Deleting content may sound like a step in the wrong direction. But if having duplicate content on your website is causing problems for search engines it may well be the right thing to do.

8. Poor Mobile Optimisation

Mobile optimisation is important as many users now spend more time browsing the net on their phones than with laptops or desktops. Again, Google Lighthouse provides helpful feedback on mobile optimisation.

The key things to consider are elements like images which can be slow to load over mobile networks and on low-powered devices. You’ll need to ensure that the layout of your website works across all screen sizes. Then there are considerations like tap target size (physical size of links on a page), which need to be large enough to be user-friendly.

An increasingly common approach to website design is that of ‘mobile-first‘ design. This is where a website is designed for mobile devices first, and scaled up from there. Using this approach ensures that mobile-friendly styles and layouts are applied first. However, if a website is well-designed and efficiently built this should not need to be necessary and will only offer marginal gains. The easy wins with mobile optimisation are:

  • Image size

  • User-friendly layout & text sizing

  • Reducing page load time by removing unnecessary code and scripts

9. Broken Links

Broken links are exactly what it sounds like. Links to other pages on your website, or to pages on other websites, which no longer work. This could be due to a mis-spelling or technical error made when creating the link. Broken links can also occur when target content is removed.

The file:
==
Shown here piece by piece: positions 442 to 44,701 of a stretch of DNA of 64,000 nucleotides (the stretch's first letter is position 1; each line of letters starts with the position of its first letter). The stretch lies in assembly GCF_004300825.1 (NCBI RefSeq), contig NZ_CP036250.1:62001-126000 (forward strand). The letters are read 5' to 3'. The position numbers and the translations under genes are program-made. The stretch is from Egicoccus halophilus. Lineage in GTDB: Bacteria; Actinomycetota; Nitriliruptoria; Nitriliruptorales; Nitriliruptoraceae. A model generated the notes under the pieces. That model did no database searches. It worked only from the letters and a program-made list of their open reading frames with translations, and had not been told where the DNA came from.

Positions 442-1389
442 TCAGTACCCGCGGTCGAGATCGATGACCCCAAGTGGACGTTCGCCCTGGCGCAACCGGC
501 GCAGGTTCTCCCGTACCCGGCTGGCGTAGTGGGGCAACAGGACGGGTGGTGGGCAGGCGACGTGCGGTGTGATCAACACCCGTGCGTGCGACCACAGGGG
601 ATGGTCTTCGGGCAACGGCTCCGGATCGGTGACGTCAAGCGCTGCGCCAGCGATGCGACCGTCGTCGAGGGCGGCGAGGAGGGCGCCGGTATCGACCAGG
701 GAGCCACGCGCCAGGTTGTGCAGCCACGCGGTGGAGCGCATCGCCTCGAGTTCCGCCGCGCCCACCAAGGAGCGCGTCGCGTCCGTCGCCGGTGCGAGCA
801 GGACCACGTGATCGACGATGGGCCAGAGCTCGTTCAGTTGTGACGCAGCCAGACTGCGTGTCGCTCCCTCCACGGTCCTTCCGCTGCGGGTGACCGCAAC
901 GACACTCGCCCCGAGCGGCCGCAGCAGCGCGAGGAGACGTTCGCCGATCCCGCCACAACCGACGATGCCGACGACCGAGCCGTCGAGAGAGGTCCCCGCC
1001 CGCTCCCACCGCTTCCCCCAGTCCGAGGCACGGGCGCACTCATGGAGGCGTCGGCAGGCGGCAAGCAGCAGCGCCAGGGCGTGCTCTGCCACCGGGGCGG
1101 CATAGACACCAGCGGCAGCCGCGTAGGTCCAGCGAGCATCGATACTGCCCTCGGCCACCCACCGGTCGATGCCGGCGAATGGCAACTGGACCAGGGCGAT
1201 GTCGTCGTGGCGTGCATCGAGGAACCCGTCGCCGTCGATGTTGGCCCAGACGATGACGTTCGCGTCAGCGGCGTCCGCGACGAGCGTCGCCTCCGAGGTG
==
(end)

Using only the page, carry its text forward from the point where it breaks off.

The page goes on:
There are various ways to check for broken links, such as using a website crawler and analysis tool like Screaming Frog.

Broken links are bad news for SEO because they harm the user experience. Google wants to send visitors to high quality content, from which they might find additional helpful articles or information. Broken links breaks this chain, which is frustrating for the user.

10. Messy URL Structure

The URL structure of a site is often determined by the platform the site is built on. It can be difficult to optimise this without specialist knowledge. However, in platforms like WordPress and even Shopify, users can determine the URLs of their pages, which can be a good way of optimising your site.

URLs should be kept clean and tidy, using hyphens in place of spaces. URLs should be lower case only and can’t contain any special characters. URLs should also follow standard patterns across a website, which can help users understand their location within the site structure. As far as possible keep your URLs clean and user-friendly.

11. Meta Tag Problems

Meta tags contain information about you website pages which may be visible to humans, but is often primarily for the benefit of search engines. The most important meta tag is the description tag. This contains a brief description about the page which helps search engines understand what your page is about.

The meta description is often paired with the page title and these are displayed on the SERPs (Search Engine Results Pages). If a search engine does not find a meta description or well written page title it will create one itself from the page content. While this may be sufficient it is not ideal, as the search engine may mis-interpret your content. This is often one of the easiest SEO problems to solve.